|This article does not yet meet the quality standards of Bulbapedia. Please feel free to edit this article to make it conform to Bulbapedia norms and conventions.|
In the real world, there are many types of Pokémon merchandise. The various types of merchandise include books, games, trading cards, plush toys, playing cards, and even jars of jelly. Pokémon merchandise is distributed in many countries. The Pokémon Company, an affiliate of Nintendo with Tsunekazu Ishihara as its president and CEO, handles licensing and marketing for the Pokémon franchise within Asia, and its subsidiary, The Pokémon Company International, is responsible for managing the franchise outside of Asia.
In 2009, 85 companies around the world made officially licensed products for the franchise; there were around 3,500 different items available.
- Main article: Pokémon games
The video games are the modern-day Pokémon franchise's first line of merchandise, and have some prevalence throughout the other facets of the franchises, at least in the understanding that it introduces most new Pokémon that are used in other facets of the franchise with each new generation. However, the game's established canon has been known to variate throughout the other facets of the Pokémon franchise, with some depictions being truer to the game's depiction than others. The games are very popular, and, in the case of the series often thought as the 'main' series, usually released in pairs, unless the game is a third version. New main series games were traditionally made on new consoles. This is the start of a new generation, introducing a region and more Pokémon to capture. These Pokémon and region will later appear in the anime, unless they debuted in the anime first. However, Generations IV and V were both released on the DS, breaking the tradition of new Generations debuting in new handheld consoles. Along with the 'main' series are side series, such as the Pokémon Ranger series and the Mystery Dungeon series. There has also been many other games that have no relation to any other games, such as PokéPark Wii: Pikachu's Adventure.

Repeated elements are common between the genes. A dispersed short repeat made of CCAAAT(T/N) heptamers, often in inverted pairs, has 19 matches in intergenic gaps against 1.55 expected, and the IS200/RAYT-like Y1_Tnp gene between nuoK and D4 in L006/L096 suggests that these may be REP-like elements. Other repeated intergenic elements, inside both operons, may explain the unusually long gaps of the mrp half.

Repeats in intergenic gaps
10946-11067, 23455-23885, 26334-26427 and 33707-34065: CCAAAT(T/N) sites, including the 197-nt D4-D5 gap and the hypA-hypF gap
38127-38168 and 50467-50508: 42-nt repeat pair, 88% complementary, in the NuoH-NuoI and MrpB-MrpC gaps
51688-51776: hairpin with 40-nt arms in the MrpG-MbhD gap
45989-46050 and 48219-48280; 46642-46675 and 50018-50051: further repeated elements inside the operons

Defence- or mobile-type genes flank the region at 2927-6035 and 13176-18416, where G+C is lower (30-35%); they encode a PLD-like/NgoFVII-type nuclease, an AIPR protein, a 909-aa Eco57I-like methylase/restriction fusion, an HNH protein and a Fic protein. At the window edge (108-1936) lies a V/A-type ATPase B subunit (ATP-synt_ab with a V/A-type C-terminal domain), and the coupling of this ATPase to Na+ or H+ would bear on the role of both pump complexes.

- Main article: Pokémon books
Many books have been published about the Pokémon franchise. Most of these books include anime novelizations, chronicles, and guides for the anime series and its movies, although there have been occasions where the plots of some books are merely based on the anime, with original stories. Other Pokémon books include activity books, sticker books, and drawing books.